| July/August 2000

PO Box 247 Dushore, Pennsylvania 18614-0247

Around the time of the Civil War the lead acid battery was invented and was used primarily to power telegraph sounders. During World War I, batteries of huge proportions were used to power submarines. The basic chemistry of the lead acid battery hasn't changed much since its invention.

The invention of the 'self-starter' for cranking automobile engines brought about a demand for portable, high output batteries that could be mass produced at an affordable cost. Most of the batteries used for stationary applications were contained in glass jars. As glass was not practical for mobile installations, a suitable substitute had to be found. Certain species of wood was resistant to the action of acid and a material called hard rubber was introduced as the principal material for constructing the vessel that contained the battery.

An inherent characteristic of a lead acid battery is that each cell generates two volts and as six were needed volts, to produce the proper amount of current, the battery case had to contain three compartments. Some of the hard rubber containers were encased in a wood box that would provide some protection against vibration and would allow clamps to hold the battery securely to the auto.

From the time that batteries were first used in a practical manner and continuing up into the nineteen twenties, batteries were so constructed that they could be rebuilt. Most communities had a battery shop and there were specialists who plied their trade rebuilding and selling batteries.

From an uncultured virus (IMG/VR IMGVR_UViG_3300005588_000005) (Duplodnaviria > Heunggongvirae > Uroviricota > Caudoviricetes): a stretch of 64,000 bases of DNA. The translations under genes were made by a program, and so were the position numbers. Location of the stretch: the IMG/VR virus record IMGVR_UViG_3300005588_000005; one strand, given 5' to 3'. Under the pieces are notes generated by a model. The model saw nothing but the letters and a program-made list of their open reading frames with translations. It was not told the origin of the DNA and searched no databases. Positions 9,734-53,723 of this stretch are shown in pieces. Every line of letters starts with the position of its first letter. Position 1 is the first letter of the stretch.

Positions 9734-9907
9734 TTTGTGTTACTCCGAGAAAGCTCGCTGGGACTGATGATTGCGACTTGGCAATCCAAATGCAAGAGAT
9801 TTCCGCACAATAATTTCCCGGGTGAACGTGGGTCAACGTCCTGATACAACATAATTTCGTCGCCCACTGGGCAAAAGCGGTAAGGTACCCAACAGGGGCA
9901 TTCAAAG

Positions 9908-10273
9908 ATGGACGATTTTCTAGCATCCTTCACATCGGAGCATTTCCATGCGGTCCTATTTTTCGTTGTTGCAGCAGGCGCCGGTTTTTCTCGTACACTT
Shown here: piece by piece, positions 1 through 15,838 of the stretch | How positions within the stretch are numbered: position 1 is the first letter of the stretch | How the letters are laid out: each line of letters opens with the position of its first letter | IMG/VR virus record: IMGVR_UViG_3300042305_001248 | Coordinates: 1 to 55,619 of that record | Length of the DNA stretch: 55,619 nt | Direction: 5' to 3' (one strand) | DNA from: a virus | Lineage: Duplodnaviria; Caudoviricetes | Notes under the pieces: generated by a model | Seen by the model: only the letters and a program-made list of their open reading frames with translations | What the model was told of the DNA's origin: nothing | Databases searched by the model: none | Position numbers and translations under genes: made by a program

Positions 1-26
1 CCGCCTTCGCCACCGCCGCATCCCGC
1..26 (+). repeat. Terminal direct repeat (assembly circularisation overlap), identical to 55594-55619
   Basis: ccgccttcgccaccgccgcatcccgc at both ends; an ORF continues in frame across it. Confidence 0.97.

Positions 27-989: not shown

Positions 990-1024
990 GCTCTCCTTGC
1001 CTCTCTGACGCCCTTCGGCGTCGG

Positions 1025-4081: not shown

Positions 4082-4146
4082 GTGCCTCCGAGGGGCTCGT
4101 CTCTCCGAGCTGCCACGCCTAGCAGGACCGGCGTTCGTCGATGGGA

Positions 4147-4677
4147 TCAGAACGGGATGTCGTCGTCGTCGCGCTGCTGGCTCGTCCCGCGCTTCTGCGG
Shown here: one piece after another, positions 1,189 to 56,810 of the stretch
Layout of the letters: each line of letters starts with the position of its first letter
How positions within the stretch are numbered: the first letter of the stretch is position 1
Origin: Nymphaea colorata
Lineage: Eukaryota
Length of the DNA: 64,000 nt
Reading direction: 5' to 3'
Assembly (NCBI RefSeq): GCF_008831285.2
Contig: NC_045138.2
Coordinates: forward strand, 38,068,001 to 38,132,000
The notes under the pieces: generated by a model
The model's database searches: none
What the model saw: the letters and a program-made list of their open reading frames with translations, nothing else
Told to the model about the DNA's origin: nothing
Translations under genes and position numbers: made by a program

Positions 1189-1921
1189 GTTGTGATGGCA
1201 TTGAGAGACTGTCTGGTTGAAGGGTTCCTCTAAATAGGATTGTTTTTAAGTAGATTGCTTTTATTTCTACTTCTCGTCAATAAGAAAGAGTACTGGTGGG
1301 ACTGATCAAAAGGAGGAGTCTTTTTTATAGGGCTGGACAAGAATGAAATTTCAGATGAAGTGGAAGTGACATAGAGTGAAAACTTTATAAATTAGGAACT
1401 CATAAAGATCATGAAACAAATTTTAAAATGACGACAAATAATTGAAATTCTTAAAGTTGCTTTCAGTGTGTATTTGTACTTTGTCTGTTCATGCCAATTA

My first acquaintance with a battery shop was located on the second floor of a building next to my father's furniture store. What circumstances would prompt a person to have a battery shop on a second floor, defies reason. Nevertheless the shop was there and the proprietor was named Lew.

When a battery was brought in for repair, it was generally tested for specific gravity and each cell was tested for voltage and amperage. If one cell was at fault it was repaired and the battery put in service. If the entire battery was defective it would be completely rebuilt and, for all practical purposes, it would be as good as new.

The acid was contained in large glass jugs and had to be handled with extreme caution. Rubber aprons and rubber gloves were the working attire. Wool seemed to be acid resistant, but a drop of acid on cotton meant an immediate hole. After the lead connectors had been molded in place and the battery sealed, it was placed on rack for charging.

The advent of more stable materials for use in the construction of a battery and the general improvement in the battery itself soon put an end to the battery shop as it was once known. I wonder if the next time you turn the key on in your new car and the engine springs to life, that the basic ingredients in the battery under the hood are the same as Lew used to fix batteries in the twenties.


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